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J Biol Chem. 1995 Mar 17;270(11):5691-4.

Cloning and functional characterization of a novel ATP-sensitive potassium channel ubiquitously expressed in rat tissues, including pancreatic islets, pituitary, skeletal muscle, and heart.

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Division of Molecular Medicine, Chiba University School of Medicine, Japan.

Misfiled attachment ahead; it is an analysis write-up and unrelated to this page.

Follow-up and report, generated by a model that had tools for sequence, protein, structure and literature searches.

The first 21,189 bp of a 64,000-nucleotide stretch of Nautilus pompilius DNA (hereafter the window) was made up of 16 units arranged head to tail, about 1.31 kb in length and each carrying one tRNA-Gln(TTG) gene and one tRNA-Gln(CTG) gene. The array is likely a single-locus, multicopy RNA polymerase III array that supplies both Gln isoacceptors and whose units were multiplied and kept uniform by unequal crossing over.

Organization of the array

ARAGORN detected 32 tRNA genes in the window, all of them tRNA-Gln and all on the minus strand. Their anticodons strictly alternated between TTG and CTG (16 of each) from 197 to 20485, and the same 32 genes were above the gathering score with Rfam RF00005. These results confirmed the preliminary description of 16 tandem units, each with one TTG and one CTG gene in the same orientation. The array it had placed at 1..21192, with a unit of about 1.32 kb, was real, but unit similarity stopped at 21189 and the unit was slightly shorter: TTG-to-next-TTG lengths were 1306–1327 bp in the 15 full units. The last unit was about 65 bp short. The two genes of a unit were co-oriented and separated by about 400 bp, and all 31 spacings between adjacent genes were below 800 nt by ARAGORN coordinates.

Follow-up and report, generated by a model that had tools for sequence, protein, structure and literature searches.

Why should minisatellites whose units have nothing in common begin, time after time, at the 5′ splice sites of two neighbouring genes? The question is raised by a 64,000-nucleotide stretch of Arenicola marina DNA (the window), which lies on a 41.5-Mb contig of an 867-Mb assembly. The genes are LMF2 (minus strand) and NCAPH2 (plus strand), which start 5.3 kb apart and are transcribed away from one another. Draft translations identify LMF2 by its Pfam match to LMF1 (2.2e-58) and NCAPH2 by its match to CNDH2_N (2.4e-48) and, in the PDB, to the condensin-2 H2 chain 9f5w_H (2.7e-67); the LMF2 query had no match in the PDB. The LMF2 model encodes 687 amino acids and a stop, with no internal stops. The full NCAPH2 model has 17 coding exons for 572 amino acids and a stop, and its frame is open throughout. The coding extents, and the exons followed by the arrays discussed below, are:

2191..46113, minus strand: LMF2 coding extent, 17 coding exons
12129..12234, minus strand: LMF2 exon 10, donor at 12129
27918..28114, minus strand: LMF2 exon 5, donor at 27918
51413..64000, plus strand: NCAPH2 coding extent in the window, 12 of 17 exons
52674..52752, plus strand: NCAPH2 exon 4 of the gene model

ATP-sensitive K+ (KATP) channels play a crucial role in coupling metabolic energy to the membrane potential of cells. We have isolated a cDNA encoding a novel member (uKATP-1) of the inward rectifier K+ channel family from a rat pancreatic islet cDNA library. Rat uKATP-1 is a 424-amino acid residue protein (M(r) = 47,960). Electrophysiological studies of uKATP-1 expressed in Xenopus laevis oocytes show that uKATP-1 is a weak rectifier and is blocked with Ba2+ ions. Single-channel patch clamp study of clonal human kidney epithelial cells (HEK293) transfected with uKATP-1 cDNA reveals that uKATP-1 closes in response to 1 mM ATP and has a single channel conductance of 70 +/- 2 picosiemens (n = 6), indicating that uKATP-1 is an ATP-sensitive inward rectifier K+ channel. In addition, uKATP-1 is activated by the KATP channel opener, diazoxide. RNA blot analysis shows that uKATP-1 mRNA is expressed ubiquitously in rat tissues, including pancreatic islets, pituitary, skeletal muscle, and heart, suggesting that uKATP-1 may play a physiological role as a link between the metabolic state and membrane K+ permeability of cells in almost every normal tissue. Since uKATP-1 shares only 43-46% amino acid identity with members of previously reported inward rectifier K+ channel subfamilies, including ROMK1, IRK1, GIRK1, and cKATP-1, uKATP-1 is not an isoform of these subfamilies and, therefore, represents a new subfamily of the inward rectifier K+ channel family having two transmembrane segments.

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